Making first aid salve

In the beginning of the summer, I shared how we made a salve for poison ivy.  That worked well, but we discovered one problem with it – since we used coconut oil as the base for it, it became liquid at the summer temps.  Then when we put it in the fridge, it would be hard as a rock when we took it out.  We managed with this, and the salve was great.  But one day when it was in its liquified state, someone knocked the open container over and it all spilled out.  And that was the end of that salve. :(

So I wanted to make another salve, but decided to improve upon what we did last time – namely to improve the consistency and make it less greasy.  I decided to base this recipe on the ingredient list of the all purpose salve that I bought last year.   Going along with the premise that the first ingredients listed are used more heavily, I weighted the herbs I included accordingly. The basic formula for a salve that I used is 3 T. herbs, 2 c. of oil, and 1 1/2 oz beeswax. (Note – in my opinion this isn’t enough beeswax.)

I chose the following herbs: comfrey – 1 part, plantain – 1 part, echinacea leaves -.5 part, yarrow  – .5 part, and a few olive leaves thrown in for kicks.  :)  I made four times the recipe above.  I simmered the herbs in oil for a couple of hours, then strained them out.  That gives you herbal infused oil.  Then you mix the beeswax into the infused oil.  I used pastilles (tiny little beeswax balls) that I bought for this purpose.

(A little off topic, but I ended up buying a huge amount of beeswax – I was going to buy a pound but saw that after shipping, it was $15.  And for $35 I was able to buy eight pounds including shipping from a different site – I had a frugal struggle with myself, trying to decide if it was better to spend less money or to get substantially more for my money – and now I  have enough beeswax for the rest of my life.  I think I’ll have to find a new hobby to use it up or my greatgrandchildren will be making herbal salves to take home with them when they visit me!)

The beeswax didn’t mix in well the first time I melted it – it melted but solidified in a layer on top of the oil.  When the pot with all its ingredients were remelted, it mixed in nicely – I don’t know why it needed a second melting.  After the mixture cools, you can decide if it’s the consistency you like.  If it’s too loose, add some more wax; if it’s too thick, add some more oil.  I wanted it a little firmer so I added about another 3/4 cup of pastilles (it was late and I didn’t feel like measuring it exactly), and remelted the whole batch another two times so it could be mixed in.  At the end I also added the last little bit of an aromatherapy oil mix that I’ve had around for about ten years from my doula days.

This morning my ds16 put all of the salve into jars – we now have about eight cups of salve.  (After he put it into the jars, he told me he thinks we should add a little more beeswax to make it firmer.  I told him that suggestion would have been more useful before he put everything in jars!  But it can be remelted and the wax added if I want to do that.)  I ordered different sized tins to package this in, but they haven’t yet arrived, which is why it’s all been transferred to glass jars.   I made a very large amount because I want to give this as gifts for Chanuka, but the basic recipe above will give you a nice amount.  It’s the kind of salve that most people would find valuable to have around, and to buy a 4 oz can of a similar salve would be about $17.  Using that as a baseline price, ds16 calculated the retail value for what we made to be $271!  It was a fraction of that to make it ourselves.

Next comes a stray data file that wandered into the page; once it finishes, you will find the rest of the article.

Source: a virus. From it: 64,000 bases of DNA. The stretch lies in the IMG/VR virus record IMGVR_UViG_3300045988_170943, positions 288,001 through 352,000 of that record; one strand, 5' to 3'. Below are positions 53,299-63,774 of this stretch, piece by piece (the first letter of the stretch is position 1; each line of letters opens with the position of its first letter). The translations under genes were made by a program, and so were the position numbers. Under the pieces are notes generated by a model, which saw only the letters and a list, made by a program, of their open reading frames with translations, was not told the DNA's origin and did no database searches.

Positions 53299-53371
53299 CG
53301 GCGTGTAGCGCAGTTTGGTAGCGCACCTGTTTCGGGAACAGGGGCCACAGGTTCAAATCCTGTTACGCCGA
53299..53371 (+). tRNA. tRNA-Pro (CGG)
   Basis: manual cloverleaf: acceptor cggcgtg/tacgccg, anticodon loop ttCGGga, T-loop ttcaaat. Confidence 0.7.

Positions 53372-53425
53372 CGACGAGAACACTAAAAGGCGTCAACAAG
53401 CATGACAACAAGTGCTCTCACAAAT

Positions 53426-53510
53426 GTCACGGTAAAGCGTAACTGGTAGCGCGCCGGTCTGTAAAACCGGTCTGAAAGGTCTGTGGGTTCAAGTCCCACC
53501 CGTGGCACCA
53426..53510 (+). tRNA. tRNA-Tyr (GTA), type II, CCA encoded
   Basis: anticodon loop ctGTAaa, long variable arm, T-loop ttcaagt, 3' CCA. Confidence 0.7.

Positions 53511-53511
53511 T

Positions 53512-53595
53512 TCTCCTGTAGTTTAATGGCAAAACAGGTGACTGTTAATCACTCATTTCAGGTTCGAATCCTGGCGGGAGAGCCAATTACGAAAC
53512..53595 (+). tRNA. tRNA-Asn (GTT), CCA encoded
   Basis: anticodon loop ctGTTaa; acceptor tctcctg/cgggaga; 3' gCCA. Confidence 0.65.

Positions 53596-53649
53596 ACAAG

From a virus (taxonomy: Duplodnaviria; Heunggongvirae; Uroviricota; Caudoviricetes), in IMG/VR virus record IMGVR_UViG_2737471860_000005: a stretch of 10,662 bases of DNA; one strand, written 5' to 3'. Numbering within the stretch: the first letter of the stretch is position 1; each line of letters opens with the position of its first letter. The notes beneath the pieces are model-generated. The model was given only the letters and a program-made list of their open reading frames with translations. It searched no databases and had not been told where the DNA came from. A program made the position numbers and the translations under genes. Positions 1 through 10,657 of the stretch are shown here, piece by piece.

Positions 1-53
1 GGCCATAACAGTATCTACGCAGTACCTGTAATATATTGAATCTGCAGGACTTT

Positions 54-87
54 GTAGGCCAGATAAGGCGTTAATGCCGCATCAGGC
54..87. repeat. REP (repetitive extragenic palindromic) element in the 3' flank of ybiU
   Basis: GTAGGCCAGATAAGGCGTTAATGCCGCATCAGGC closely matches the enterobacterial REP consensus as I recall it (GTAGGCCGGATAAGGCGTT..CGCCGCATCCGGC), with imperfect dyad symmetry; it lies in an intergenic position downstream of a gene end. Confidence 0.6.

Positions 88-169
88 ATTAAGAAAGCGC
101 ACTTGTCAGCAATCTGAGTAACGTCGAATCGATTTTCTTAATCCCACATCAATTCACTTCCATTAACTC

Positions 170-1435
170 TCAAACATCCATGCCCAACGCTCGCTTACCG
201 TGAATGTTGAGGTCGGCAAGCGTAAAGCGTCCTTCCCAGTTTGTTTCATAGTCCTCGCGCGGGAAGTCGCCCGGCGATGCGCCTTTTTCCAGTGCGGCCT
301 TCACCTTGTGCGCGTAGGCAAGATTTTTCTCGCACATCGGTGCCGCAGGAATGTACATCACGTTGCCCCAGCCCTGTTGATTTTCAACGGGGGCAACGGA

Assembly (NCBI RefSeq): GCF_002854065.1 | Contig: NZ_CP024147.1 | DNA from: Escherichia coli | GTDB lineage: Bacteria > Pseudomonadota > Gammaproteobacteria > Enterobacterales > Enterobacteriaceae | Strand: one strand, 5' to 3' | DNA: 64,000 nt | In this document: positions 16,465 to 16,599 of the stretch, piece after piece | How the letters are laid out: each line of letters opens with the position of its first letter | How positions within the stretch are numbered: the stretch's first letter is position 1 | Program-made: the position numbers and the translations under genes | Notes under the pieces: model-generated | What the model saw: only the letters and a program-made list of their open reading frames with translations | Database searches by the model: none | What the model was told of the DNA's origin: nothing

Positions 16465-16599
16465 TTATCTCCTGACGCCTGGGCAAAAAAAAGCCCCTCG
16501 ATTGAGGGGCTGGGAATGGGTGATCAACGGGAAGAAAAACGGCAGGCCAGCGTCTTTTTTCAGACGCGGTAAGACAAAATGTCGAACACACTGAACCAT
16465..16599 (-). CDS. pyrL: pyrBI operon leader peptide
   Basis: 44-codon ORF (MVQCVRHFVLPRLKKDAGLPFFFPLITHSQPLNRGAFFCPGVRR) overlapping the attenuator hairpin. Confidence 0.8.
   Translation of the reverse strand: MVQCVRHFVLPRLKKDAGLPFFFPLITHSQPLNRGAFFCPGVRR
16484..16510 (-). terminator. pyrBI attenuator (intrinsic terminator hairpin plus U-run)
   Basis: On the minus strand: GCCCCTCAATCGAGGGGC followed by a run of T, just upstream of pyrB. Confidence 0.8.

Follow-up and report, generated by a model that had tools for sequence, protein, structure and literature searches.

We tried it out first thing today – our cat got a bad cut on his foot sometime during the early morning, deep enough to see the bone.  So dd8 doctored him up (yes, my eight year old daughter does what I’m too squeamish to do :)).  He licked off the first salve she applied, and kicked off the strip of cotton that she tried to tie it on with, but she applied another thick layer and he left it on.  Even though he was clearly in pain, he seemed to appreciate her putting it on.  This should significantly accelerate the healing.

This salve is good for all kinds of cuts, abrasions, bug bites, itching, and diaper rash.  Good for kids, adults, or even pets.  Very useful stuff!


8 thoughts on “Making first aid salve

  1. Avivah, could you tell us a little bit about the legal issues of homeschooling? I just looked at the New York State requirements and they seems draconian. I apologize if this has been addressed before.

  2. Hi Avivah – I am sure this is not the right spot for this but I wasn’t sure where to post this. I was sure you had posted at one point your fruit leather recipee but I can’t find it. Is there a way to do searches in any of the sections? Could you also post the recipee again? thanks. Debbie

  3. Masha – they differ from state to state. NY is a pain to deal with; your best resources are your local (ie same state as you) homeschoolers as they can tell you the easiest ways to jump through all the hoops.

    Beeswax –

    Fruit leather -

    B’eh, when I switch to the new blog there will be a search capacity to make finding what you want easier!

  4. I just made a first aid salve from an herbal medicine kit I bought ( It was a LOT of dried herbs. I simmered it at too high a temp, I think, because the herbs got kind of crispy. The ratio was 2 cups herb-infused oil to 1 oz beeswax by weight. The beeswax they provided melted very nicely on the stove and mixed in fine. It smelled LOVELY while melting.

    In the past I have made body balm using beeswax pellets and they just didn’t melt right using a double boiler. They re-pelletized in the body balm. It wasn’t nice. I think next time I will find a local beekeeper instead.

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